Where the Wind Blows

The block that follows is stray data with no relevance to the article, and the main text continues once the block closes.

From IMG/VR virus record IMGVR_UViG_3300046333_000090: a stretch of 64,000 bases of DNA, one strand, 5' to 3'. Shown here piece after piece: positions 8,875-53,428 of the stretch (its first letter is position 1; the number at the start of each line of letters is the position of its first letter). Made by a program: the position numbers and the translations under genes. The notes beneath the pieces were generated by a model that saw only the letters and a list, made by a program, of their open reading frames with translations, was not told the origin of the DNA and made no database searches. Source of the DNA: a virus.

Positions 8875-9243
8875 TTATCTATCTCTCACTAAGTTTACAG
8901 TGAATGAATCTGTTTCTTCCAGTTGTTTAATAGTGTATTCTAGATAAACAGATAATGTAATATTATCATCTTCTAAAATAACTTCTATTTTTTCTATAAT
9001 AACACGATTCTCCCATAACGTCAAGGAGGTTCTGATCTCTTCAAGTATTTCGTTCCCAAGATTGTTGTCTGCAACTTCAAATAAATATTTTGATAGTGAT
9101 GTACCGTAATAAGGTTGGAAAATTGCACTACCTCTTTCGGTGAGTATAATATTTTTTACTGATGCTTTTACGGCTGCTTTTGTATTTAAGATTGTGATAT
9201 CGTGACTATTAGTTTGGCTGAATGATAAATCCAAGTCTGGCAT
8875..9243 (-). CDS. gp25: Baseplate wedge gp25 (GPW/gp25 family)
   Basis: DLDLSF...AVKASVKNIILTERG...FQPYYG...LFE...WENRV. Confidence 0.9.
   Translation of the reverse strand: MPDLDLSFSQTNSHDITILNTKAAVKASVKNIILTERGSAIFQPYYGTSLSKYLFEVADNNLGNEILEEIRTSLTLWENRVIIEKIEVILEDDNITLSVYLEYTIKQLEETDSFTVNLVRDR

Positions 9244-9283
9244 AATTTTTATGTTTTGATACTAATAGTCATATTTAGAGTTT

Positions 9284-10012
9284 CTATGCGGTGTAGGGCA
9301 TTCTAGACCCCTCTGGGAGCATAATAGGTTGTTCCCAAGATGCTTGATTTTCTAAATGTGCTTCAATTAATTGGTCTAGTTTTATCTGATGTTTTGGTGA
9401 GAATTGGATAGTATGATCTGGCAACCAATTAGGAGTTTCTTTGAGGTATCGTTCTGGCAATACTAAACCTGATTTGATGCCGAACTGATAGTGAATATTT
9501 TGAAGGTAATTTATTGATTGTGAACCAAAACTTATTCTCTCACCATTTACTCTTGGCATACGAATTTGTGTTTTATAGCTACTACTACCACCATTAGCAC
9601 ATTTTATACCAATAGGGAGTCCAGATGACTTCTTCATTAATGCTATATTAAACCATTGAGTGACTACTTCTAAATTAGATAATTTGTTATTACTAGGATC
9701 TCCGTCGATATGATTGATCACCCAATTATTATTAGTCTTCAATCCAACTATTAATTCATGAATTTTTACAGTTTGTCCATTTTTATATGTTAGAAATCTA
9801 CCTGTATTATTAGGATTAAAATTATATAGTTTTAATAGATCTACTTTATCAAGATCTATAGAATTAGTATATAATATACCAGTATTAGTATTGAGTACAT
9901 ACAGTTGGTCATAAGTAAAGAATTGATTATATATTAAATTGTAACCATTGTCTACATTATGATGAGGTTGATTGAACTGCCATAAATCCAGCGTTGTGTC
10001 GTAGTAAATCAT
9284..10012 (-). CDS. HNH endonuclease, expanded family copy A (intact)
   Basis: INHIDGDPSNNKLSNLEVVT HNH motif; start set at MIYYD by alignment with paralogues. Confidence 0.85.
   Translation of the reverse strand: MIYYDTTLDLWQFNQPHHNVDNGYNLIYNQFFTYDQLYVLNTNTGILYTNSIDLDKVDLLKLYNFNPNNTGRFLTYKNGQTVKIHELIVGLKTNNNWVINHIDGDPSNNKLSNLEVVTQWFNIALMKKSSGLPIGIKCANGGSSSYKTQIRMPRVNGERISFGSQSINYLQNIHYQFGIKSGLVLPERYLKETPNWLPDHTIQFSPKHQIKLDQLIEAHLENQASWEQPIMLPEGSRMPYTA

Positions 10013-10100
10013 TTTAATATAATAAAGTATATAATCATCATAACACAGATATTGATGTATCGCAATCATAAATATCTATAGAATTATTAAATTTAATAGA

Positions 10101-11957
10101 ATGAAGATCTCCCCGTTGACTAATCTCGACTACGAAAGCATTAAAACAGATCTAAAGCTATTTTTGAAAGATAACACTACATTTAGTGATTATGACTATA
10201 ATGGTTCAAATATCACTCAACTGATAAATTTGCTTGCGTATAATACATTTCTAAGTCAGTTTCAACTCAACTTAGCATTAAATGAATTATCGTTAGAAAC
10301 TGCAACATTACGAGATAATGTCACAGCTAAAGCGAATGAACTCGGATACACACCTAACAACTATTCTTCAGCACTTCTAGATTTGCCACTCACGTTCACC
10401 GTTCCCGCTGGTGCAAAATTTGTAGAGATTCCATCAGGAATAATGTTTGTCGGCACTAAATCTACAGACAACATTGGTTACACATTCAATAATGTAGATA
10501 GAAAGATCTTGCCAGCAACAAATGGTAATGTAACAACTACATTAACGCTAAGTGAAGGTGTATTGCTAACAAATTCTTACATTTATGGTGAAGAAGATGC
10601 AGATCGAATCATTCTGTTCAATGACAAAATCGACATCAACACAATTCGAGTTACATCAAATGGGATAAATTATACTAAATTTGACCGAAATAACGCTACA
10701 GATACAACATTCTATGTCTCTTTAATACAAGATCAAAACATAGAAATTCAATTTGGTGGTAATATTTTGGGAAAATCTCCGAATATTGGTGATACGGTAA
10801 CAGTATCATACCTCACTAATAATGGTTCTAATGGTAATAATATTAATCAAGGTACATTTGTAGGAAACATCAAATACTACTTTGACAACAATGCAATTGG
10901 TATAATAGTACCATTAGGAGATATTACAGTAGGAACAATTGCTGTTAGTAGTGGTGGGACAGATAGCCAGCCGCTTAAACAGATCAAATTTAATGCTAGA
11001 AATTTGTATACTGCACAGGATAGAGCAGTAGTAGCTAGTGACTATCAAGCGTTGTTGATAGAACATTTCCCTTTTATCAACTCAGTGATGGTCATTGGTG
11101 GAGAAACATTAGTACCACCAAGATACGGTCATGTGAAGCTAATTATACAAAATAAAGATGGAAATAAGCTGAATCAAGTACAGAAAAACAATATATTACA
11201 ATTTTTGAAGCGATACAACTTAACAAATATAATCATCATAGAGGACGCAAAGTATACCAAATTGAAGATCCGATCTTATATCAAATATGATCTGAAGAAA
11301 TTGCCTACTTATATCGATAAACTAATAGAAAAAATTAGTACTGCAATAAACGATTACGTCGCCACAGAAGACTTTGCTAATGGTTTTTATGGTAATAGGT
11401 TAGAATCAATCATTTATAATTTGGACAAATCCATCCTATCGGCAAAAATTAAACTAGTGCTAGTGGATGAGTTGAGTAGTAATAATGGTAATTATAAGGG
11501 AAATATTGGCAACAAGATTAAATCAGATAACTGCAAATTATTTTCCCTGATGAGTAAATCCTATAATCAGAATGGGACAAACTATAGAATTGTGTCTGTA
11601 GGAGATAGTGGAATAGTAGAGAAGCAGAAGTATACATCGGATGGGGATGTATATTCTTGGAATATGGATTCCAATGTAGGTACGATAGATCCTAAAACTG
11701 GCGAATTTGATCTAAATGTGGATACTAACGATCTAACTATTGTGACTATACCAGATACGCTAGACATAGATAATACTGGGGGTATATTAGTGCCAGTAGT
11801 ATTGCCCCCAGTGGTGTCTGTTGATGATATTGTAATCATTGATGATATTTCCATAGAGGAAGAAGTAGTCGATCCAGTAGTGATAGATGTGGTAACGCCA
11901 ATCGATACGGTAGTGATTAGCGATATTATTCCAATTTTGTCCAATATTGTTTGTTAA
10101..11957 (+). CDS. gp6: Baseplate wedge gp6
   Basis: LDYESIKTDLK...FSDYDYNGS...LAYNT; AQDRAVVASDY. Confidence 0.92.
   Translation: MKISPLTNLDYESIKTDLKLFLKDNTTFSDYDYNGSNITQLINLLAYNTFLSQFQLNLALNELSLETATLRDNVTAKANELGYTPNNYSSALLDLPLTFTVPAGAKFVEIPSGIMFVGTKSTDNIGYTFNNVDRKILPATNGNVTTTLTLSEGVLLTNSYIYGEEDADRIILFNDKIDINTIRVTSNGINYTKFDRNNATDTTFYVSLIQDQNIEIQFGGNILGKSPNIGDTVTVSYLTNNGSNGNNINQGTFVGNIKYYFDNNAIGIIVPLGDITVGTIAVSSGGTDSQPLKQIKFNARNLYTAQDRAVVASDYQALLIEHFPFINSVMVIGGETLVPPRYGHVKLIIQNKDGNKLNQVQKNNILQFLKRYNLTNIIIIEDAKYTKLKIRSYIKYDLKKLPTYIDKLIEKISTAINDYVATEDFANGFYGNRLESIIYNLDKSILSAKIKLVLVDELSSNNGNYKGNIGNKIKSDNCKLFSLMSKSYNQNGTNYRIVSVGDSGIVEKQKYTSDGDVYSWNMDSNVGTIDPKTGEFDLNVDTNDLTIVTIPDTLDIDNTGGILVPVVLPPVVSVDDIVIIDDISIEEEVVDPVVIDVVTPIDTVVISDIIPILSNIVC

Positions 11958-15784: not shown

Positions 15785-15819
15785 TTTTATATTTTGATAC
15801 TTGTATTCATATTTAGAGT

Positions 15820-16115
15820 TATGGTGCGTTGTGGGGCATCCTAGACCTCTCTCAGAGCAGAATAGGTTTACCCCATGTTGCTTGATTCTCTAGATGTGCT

In the early '90s, the world began taking a shine to a quite curious phenomenon which was still regarded in many places as part of the even more curious genre label IDM. Its protagonists such as Richard James and Autechre created grandiose and bewildering cosmoses of sound whose exponential complexity could only be escaped by departing in the opposite direction -- minimal techno as an escape route to the future. BPitch Control meets this current transition with an ambitious compilation album bearing the fitting title Where the Wind Blows. The name requires little interpretation: seventeen striking and all previously-unreleased tracks from as many artists reveal where the wind could be blowing at BPitch in the future. On board, alongside numerous label veterans such as Kiki, Thomas Muller, Jahcoozi, and label boss Ellen Allien herself, are renowned remixers from the BPitch network, including the Polish DJ duo Viadrina and the Irish-Canadian Amirali. Of course, a fresh wind means completely new input as well. So it comes as no surprise that the BPitch circle has been expanded to include a few more illustrious names such as Tomas Barfod, Douglas Greed and Mooryc, as well as Joy Wellboy who adorns the album with a cool, soulful-electronic, down-tempo gem. The transition from highly structured minimalism to atmospheric, song-oriented alternative electronica is a strong thread running through the entire album. It offers Telefon Tel Aviv's dramatic soundscapes just as much room as Dillon's distinctive, almost painfully intense singer-songwriter sketches. The label boss delivers very uncharacteristic cerebral cinema soundtrack, almost rocky in its driving rhythm; Chaim combines house and space-disco elements; mechanical sound specialist Thomas Muller serves up a piece that could almost be interpreted as tech-house parody; and Hercules And Love Affair singer Aérea Negrot takes us by surprise by revealing a naive-poppy side that no one would have previously suspected. The high proportion of vocal tracks on Where the Wind Blows underlines the commitment to color and the shift towards a new emotionality. Other artists include Mr. Statik (feat. Beatrice Ballabile), Camea, David K, and Apparat.